Now for those of you rolling your eyes, stop and think for a moment of what we are learning here. He follows people, unfollows them, that causes them to mention him, he then sends them a message, and many still reply to that. This means he has a conversation with every single person he follows/unfollows. Today his Klout is a 34, not huge, but he shows us if you at least say hi, or find some way to talk to everyone who follows you, you will be perceived as engaging.
Getting back on topic, let’s look at SocialMedia Rockstar as he is one of our best functioning AI accounts, who I believe at times could pass the Turing test. Granted he is still a baby, but he is growing in his abilities. Most important, and I believe this applies to any account, he is true to his being, which means he tells you up front who he is (an egotistically self-obsessed “guru”).
Let’s break down what he does, forgetting about the silliness for a second;
- He finds his audience based on their conversation (he does not initiate conversations with individuals as I feel there is a line in the sand there separating him from spamming. Personally I hate automated “welcome aboard” and other messages).
- He puts out content that others find value in, how do we know, well in May this year, he was retweeted 296 times and mentioned 335 times, not great, but not bad either. His Klout is a 51 today.
- He talks to those who talk to him, staying true to his form.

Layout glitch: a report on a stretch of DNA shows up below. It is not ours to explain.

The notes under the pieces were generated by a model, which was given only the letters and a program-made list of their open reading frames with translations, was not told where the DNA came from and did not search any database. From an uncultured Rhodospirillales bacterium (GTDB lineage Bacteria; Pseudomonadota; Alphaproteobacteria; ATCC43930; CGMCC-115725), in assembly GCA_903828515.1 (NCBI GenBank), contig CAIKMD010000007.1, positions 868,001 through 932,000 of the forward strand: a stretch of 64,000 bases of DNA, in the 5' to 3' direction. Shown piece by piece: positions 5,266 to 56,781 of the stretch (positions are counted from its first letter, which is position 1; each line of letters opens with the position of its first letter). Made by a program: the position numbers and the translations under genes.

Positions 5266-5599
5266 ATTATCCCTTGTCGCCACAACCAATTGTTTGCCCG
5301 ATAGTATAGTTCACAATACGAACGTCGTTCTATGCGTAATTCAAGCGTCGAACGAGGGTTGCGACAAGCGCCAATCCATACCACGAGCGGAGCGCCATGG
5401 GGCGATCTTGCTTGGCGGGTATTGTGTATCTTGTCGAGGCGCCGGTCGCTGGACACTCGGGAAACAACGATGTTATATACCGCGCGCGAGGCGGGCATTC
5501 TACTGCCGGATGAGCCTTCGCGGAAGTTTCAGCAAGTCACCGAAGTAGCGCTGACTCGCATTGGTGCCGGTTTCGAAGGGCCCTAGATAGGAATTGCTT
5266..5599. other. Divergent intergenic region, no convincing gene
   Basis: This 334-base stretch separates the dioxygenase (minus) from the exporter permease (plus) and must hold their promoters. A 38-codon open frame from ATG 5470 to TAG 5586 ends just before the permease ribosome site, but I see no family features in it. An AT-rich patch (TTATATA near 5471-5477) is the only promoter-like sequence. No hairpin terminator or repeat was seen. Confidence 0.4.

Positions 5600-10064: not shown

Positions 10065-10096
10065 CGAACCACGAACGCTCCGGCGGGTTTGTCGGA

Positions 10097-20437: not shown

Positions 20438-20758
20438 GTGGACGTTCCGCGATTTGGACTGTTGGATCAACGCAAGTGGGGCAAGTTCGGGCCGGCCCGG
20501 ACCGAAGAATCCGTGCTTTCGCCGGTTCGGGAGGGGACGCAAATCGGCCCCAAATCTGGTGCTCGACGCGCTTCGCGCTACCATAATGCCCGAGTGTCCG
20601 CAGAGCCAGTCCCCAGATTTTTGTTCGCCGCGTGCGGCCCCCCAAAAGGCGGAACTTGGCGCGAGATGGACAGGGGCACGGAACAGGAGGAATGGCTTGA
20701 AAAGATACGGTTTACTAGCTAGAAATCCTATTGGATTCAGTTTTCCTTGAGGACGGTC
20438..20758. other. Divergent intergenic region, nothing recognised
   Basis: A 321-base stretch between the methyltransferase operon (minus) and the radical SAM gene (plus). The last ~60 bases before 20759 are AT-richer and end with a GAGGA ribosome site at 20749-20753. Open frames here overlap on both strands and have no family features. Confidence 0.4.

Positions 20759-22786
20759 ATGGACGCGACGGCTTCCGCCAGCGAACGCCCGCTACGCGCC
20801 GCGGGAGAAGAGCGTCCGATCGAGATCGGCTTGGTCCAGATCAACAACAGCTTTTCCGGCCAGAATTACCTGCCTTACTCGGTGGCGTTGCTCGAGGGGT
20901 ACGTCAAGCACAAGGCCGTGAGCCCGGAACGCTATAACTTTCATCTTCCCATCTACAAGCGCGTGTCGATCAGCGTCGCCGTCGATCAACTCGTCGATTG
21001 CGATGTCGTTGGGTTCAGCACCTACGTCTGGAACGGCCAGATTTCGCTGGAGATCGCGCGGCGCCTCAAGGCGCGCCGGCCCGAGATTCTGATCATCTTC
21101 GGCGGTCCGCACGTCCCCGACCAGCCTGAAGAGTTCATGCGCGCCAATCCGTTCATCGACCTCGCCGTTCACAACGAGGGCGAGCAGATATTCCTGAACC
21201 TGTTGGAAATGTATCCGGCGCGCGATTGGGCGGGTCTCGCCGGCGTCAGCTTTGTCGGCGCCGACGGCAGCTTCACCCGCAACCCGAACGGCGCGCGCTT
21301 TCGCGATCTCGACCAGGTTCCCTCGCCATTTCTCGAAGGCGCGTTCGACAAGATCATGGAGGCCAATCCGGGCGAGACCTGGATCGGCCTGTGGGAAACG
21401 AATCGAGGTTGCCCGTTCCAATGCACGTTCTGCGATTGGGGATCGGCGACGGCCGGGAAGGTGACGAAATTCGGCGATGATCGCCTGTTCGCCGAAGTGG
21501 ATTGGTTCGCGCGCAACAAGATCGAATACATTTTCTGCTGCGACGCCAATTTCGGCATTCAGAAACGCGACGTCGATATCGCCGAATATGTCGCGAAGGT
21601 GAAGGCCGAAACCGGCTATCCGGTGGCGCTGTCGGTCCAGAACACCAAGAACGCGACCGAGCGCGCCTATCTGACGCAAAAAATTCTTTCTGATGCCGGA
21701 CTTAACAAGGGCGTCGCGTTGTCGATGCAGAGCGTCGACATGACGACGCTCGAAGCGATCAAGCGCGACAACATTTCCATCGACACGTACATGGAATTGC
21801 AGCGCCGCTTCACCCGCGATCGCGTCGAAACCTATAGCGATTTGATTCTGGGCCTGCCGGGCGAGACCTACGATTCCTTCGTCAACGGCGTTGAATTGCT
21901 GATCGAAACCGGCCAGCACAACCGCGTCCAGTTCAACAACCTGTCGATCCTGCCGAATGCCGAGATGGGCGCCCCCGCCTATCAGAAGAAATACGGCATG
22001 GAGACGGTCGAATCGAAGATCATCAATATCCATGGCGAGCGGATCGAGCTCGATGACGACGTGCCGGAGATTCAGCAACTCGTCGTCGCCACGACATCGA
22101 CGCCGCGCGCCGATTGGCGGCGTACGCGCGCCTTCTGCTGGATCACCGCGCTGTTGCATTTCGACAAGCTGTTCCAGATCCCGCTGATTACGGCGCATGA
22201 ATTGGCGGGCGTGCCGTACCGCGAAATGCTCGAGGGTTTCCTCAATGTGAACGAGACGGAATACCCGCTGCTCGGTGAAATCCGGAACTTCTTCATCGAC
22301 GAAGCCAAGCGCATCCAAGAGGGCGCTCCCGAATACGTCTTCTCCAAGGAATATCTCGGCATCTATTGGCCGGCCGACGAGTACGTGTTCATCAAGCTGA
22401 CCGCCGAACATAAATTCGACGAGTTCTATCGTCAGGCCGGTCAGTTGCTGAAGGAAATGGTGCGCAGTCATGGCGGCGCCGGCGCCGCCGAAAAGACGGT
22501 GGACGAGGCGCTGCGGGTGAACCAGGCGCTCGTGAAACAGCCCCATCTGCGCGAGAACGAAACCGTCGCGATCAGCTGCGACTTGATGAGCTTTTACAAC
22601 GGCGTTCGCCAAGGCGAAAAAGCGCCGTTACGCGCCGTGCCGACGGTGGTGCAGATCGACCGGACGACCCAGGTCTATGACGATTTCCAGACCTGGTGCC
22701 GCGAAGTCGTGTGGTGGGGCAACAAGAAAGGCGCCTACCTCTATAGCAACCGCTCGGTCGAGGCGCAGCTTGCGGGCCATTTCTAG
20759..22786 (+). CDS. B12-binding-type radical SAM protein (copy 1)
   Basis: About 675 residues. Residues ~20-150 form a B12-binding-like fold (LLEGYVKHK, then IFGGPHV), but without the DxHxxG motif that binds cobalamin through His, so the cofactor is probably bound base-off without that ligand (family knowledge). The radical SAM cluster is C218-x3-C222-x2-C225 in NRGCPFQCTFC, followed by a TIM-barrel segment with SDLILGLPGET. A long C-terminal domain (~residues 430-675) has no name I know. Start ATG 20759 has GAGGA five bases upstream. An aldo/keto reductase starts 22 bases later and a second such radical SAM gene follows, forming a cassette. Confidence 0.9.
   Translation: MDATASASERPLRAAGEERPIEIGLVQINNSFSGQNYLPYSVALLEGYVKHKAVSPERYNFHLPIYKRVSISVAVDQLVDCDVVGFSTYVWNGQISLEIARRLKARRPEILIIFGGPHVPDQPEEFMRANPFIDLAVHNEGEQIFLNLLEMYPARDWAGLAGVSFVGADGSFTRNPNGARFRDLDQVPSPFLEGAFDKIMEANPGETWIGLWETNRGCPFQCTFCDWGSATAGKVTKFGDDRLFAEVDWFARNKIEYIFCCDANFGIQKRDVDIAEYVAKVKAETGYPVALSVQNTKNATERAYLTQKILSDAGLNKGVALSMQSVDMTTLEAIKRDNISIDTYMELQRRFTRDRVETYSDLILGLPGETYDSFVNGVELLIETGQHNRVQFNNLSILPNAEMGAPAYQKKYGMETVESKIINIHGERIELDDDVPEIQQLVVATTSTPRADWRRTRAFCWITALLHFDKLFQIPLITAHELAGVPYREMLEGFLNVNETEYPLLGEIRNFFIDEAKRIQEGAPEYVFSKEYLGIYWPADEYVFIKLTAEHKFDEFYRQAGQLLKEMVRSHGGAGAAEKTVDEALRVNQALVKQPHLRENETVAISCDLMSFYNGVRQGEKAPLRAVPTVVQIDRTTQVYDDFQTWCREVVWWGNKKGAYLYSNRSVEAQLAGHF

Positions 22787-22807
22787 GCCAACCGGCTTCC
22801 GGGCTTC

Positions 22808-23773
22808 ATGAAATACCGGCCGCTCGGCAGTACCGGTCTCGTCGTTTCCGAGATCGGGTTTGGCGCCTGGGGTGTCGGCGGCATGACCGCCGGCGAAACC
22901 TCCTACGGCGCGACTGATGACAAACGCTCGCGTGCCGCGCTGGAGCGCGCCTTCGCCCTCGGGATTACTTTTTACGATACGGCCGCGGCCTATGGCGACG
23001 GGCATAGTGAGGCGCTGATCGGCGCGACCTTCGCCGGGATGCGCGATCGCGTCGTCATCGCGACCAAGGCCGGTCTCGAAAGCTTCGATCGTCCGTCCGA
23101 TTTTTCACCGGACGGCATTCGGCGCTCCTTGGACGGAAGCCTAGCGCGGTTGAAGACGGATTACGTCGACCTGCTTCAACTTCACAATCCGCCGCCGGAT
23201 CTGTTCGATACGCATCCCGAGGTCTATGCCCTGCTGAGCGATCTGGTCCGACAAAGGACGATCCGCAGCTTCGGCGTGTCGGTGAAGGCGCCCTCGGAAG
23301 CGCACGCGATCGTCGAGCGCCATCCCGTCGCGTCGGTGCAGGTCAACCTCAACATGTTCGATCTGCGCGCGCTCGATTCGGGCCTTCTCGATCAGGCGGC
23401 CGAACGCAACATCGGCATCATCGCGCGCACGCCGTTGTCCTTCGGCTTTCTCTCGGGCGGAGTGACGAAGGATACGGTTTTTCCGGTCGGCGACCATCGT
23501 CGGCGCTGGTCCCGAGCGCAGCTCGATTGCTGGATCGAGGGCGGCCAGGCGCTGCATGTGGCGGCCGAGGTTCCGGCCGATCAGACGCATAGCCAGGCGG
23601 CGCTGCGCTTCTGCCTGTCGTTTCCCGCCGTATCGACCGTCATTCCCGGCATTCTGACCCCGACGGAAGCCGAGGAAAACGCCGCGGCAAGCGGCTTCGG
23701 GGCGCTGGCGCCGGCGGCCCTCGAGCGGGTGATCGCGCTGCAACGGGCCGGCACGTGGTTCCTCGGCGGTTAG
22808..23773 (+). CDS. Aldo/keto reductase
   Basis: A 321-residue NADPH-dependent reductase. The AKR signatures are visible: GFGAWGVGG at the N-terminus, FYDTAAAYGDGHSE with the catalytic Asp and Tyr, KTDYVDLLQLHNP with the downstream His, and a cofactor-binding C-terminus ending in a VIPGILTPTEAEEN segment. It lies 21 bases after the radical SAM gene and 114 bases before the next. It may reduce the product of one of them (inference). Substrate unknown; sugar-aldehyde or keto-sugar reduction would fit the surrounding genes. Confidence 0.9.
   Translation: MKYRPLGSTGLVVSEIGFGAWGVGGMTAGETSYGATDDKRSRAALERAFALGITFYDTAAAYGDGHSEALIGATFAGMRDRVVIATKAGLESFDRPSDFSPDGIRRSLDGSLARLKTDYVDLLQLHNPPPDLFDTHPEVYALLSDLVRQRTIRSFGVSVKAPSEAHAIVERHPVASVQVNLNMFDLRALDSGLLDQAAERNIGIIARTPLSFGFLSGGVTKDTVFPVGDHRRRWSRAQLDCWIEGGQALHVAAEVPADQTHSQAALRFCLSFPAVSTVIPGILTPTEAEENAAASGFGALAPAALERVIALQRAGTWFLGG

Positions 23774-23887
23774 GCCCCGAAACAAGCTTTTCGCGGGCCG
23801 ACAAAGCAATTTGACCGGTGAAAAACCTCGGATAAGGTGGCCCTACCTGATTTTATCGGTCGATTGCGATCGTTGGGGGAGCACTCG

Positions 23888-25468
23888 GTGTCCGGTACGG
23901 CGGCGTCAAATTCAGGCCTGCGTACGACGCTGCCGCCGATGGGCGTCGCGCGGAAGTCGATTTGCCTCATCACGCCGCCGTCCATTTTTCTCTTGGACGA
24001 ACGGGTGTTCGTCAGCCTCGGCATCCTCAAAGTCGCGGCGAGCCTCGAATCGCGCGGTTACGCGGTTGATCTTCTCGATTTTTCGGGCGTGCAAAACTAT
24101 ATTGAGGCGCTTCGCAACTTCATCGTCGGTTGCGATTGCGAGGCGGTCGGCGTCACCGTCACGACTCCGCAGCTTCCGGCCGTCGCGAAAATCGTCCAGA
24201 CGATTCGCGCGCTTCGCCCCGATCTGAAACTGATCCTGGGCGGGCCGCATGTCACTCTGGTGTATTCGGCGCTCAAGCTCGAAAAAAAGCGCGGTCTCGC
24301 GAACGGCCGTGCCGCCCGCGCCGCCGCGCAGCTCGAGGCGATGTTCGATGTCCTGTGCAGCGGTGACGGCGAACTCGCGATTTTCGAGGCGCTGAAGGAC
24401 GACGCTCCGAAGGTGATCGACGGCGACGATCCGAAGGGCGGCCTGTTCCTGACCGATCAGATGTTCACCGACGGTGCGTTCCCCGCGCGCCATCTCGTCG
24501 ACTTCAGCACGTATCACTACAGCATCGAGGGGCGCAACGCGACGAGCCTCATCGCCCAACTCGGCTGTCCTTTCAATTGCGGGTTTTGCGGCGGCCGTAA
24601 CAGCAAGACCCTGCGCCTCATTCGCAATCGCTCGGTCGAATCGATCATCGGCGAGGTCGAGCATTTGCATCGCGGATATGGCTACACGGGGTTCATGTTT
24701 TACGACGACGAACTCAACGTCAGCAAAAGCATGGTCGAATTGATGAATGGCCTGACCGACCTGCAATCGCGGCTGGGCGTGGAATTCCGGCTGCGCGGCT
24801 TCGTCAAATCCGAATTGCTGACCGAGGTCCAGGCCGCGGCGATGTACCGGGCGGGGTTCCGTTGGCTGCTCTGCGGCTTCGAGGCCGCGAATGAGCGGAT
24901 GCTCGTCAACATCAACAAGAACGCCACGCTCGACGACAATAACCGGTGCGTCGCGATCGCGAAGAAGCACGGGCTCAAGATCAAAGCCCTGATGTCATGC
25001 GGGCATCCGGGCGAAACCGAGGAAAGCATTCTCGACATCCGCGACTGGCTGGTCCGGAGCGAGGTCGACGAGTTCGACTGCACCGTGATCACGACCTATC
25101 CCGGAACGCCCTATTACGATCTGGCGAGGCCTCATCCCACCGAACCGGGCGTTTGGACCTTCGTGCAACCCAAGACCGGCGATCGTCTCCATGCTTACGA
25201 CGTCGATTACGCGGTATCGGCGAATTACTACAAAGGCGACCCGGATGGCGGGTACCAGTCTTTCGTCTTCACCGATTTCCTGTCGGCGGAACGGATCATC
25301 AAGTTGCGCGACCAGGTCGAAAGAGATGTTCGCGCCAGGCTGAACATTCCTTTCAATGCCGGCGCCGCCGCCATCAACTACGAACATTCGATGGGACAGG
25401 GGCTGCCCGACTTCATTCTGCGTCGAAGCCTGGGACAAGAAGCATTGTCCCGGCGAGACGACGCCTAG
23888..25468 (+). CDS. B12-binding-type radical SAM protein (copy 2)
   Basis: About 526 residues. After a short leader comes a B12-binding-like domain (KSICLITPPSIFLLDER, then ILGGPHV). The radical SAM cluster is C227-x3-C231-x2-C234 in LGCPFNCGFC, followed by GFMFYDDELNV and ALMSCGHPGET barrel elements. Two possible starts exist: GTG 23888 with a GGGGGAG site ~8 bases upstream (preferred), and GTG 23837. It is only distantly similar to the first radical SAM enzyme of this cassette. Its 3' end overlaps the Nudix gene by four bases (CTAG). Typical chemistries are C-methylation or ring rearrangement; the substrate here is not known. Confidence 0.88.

- He is fun and entertaining.
Reading thru the comments with so many people talking like it will be the end of “social media” it made me realize that to many people look at Twitter and facebook as social media, this brings me back to my point, and that is; Twitter and Facebook are not social media, and not everything that happens on them is, but social media is that interaction that happens and flourish in those environments. Thoughts?
CrowdBooster is a great tool for analyzing your tweets for the week or the month and looking at them graphically, seeing how many times different tweet were retweeted, and what kind of impressions you had the potential of making. (Note: I say potential, because it does not mean that many people saw the tweet. Just because I have over 4,000 followers, does not mean they see everything I tweet. However this does give you a general idea of which tweets you put out that score better with your followers.)
The horizontal shows how many times a tweet was retweeted, and the vertical shows the number of impressions. (this is just a total of the followers of everyone involved in retweeting the message. If you have one person with 20,000 followers retweet you, that will add 20,000 to this number) By hovering over the dots, you can see which tweet the dot is referring to. You can also choose to look at the data in a table format.
Crowdbooster has some other benefits worth exploring, like top retweeters and recommendations on the best times to tweet to name a few. Best of all this is free to play with and explore at the basic one account level.